The Giants have no shortage of options when it comes to the best individual pitching performances in franchise history. Their rich pitching annals feature 17 no-hitters, iconic duels between Hall of Famers and one of the greatest postseason performances of all time. Narrowing the field down to five outings is no easy task, but we tried anyway.
Here’s a look at five of the Giants' greatest single-game pitching performances.
1. Matt Cain: perfect game on June 13, 2012 (Giants 10, Astros 0)
Cain is quite literally forever Giant, as he’s the only pitcher in the franchise’s 138-year history to attain perfection on the mound. Cain retired all 27 Astros he faced during his milestone performance at AT&T Park, striking out 14 and throwing 125 pitches. The veteran right-hander received an assist from right fielder Gregor Blanco, who made a spectacular diving catch on a drive by Jordan Schafer to keep the perfect game intact in the seventh. Two innings later, pinch-hitter Jason Castro shot a grounder to third base that Joaquín Arias fielded for the final out, cementing Cain’s place in the history books.
“It felt like the World Series,” Cain said afterward. “But it almost felt a little bit louder, a little bit crazier than that. Every strike, they were going nuts for. It was truly amazing. I’ve never had that much excitement in every pitch, every strike, every swing.”
2. Carl Hubbell: 18-inning shutout on July 2, 1933 (New York Giants 1, Cardinals 0)
Hubbell delivered a stunning performance in the first game of a doubleheader against the Cardinals at the Polo Grounds, allowing only six hits, striking out 12 and walking none over 18 scoreless innings. The Hall of Fame left-hander retired the Cards in order in 12 of those innings en route to recording the highest game score (132) by a pitcher in Giants history, according to Baseball Reference.
3. Juan Marichal: 16-inning duel with Warren Spahn on July 2, 1963 (Giants 1, Milwaukee Braves 0)
Marichal authored another performance for the ages in 1963, when he faced off with Spahn in a scoreless pitching duel that finally ended when Willie Mays homered in the bottom of the 16th inning to lift the Giants to victory at Candlestick Park. A 25-year-old Marichal threw 227 pitches, yielding eight hits, four walks and striking out 10. Spahn walked off the mound after throwing 201 pitches and allowed nine hits, one intentional walk and struck out two.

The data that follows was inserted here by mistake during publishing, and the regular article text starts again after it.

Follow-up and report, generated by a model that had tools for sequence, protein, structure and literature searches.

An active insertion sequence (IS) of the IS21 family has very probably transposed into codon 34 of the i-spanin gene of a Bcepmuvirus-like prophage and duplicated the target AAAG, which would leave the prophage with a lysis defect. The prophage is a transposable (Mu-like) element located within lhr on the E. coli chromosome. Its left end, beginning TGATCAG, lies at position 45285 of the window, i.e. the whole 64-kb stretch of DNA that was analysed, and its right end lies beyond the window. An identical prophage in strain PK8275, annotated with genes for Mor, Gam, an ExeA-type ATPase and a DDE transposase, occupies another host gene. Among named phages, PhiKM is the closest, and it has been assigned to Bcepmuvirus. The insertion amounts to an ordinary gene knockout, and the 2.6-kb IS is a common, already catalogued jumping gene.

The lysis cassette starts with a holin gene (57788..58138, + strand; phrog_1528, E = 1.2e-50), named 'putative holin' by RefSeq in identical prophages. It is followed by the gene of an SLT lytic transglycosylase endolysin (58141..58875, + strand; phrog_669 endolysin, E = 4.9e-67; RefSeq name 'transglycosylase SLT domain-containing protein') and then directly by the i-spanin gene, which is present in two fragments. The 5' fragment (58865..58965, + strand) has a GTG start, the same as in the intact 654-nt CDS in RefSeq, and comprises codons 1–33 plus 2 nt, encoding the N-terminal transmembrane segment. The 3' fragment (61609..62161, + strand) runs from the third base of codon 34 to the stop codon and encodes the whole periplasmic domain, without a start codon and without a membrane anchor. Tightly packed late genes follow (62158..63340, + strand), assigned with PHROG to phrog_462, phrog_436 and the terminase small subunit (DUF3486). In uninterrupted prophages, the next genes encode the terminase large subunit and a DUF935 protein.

Giants manager Alvin Dark had tried to pull Marichal in the ninth, but the Dominican right-hander refused to depart before his 42-year-old counterpart.
“Alvin, do you see that man pitching on the other side?” Marichal told Dark. “He’s 42 and I’m 25, and you can’t take me out until that man is not pitching.”
4. Gaylord Perry: no-hitter on Sept. 17, 1968 (Giants 1, Cardinals 0)
The Cardinals certainly didn’t make it easy for Perry, who started opposite Hall of Famer Bob Gibson and faced sluggers like Orlando Cepeda, Lou Brock and Roger Maris. But Perry ultimately outdueled Gibson by throwing his first career no-hitter at Candlestick Park. A first-inning home run was all the run support Perry needed, as the right-hander walked two and struck out nine over nine innings in the brilliant outing. Gibson, who won the 1968 National League Cy Young Award, settled in after the early homer, scattering four hits while striking out 10 and walking two over eight innings.
5. Madison Bumgarner: five-inning save on Oct. 29, 2014 (Giants 3, Royals 2)
Game 7 of the 2014 World Series will forever be defined by the epic performance of Bumgarner, who came out of the bullpen to fire five scoreless innings and clinch the Giants’ third title in five years. Bumgarner’s legendary save came on two days’ rest, as he also started and won Game 1 and Game 5, capping one of the most dominant runs by a pitcher in World Series history.
A 25-year-old Bumgarner logged a 0.43 ERA over 21 innings against the Royals, becoming the first Giants pitcher to capture World Series MVP honors.
“Yeah, it was hopeless,” Kansas City manager Ned Yost said afterward.